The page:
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Veterans Affairs, University of California-San Diego Study Finds Newer AIDS Drugs Don't Cause Cardiac Ills

February 21, 2003

This article is part of The Body PRO's archive. Because it contains information that may no longer be accurate, this article should only be considered a historical document.

Newer AIDS drugs available since 1996 do not cause premature heart attacks or stroke as many suspected, a study by San Diego Veterans Affairs and University of California-San Diego researchers has found. The full report, "Cardiovascular and Cerebrovascular Events in Patients Treated for Human Immunodeficiency Virus Infection," is published in the current New England Journal of Medicine (2003;348(8):702-710).

The drugs, including protease inhibitors, have been blamed by doctors and patients for a variety of side effects linked to heart disease and stroke, including insulin resistance, higher levels of bad cholesterol and reduced levels of good cholesterol. Another of the drugs' side effects is lipodystrophy -- a redistribution of fat from the arms, cheeks and around the eyes to the stomach, shoulder blades and the back of the neck. Other problems include blood sugar imbalances and higher levels of C-reactive protein -- linked to increased heart disease -- and increased thickness of the carotid arteries.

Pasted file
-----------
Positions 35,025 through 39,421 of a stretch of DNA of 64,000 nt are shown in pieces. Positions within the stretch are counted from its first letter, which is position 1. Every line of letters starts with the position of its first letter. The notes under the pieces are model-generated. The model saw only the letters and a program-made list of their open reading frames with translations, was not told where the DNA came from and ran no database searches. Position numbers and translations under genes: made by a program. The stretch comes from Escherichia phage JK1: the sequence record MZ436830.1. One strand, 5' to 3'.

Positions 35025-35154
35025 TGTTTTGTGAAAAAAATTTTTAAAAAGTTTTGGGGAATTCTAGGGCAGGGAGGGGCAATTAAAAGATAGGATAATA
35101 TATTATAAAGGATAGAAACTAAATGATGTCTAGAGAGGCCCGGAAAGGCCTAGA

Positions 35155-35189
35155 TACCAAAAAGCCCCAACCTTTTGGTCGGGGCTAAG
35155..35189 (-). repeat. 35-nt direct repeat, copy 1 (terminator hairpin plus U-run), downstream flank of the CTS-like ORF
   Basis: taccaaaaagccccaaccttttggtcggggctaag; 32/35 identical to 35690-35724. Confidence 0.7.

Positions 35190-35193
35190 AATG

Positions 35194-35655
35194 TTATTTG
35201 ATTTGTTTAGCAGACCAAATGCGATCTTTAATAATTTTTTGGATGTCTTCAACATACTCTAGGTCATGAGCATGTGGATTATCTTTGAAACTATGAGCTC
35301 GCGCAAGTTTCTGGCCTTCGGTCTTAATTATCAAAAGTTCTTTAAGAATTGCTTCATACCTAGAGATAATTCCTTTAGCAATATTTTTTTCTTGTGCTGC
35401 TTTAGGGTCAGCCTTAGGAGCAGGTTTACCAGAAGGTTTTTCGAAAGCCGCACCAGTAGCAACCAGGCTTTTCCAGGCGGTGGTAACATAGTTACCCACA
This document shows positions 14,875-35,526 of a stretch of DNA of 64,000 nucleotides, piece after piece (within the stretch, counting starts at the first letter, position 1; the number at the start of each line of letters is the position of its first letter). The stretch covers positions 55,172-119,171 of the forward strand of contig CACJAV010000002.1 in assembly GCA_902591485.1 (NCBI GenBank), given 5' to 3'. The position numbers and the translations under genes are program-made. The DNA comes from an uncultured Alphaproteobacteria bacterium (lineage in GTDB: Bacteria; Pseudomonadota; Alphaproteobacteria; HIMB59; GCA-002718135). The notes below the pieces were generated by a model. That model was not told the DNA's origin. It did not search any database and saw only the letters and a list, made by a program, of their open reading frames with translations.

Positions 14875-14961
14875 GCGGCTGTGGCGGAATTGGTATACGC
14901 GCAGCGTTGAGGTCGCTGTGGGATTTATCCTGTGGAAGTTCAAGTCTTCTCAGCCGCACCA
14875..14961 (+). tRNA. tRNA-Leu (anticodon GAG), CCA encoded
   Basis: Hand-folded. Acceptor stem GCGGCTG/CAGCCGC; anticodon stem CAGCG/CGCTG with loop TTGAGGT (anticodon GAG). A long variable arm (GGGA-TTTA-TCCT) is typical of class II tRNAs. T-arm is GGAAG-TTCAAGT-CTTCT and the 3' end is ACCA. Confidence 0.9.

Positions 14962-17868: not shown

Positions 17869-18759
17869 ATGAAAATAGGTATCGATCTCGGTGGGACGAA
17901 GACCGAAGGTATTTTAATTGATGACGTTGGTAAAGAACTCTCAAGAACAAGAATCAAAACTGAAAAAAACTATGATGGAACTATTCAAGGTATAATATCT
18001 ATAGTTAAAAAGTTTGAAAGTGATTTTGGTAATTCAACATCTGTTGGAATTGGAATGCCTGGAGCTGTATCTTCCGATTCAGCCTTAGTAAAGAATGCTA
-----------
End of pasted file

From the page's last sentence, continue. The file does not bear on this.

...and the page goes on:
But whether the side effects translated to more cardiovascular problems had been unclear. To find out, the researchers, led by Dr. Samuel A. Bozzette of SDVA and others from John Hopkins Bloomberg School of Public Health, examined the records of nearly 37,000 HIV patients treated for HIV at VA facilities nationwide between 1993 and June 2001, the type of AIDS drugs taken, for how long, and whether the patients had any previous vascular disease.

About one-fourth had been treated for conditions associated with increased heart disease, a factor that should have raised the number of vascular deaths, researchers said. They concluded that not only did the overall death rate drop by 75 percent in those patients who were treated, but the number of patients who died or were admitted to the hospital because of heart disease or stroke also declined. "This finding indicates that ... HIV-infected patients have been enormously better off since the advent of highly active antiretroviral therapy," the study said.

Researchers cautioned their results may apply only to men, who made up 98 percent of the study population. And they acknowledged that it contradicts a few other studies that enrolled fewer patients. They also noted that eight years may be too short a period to see the drugs' full effects.

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Adapted from:
San Diego Union Tribune
02.20.03; Cheryl Clark

This article was provided by CDC National Prevention Information Network. It is a part of the publication CDC HIV/Hepatitis/STD/TB Prevention News Update.


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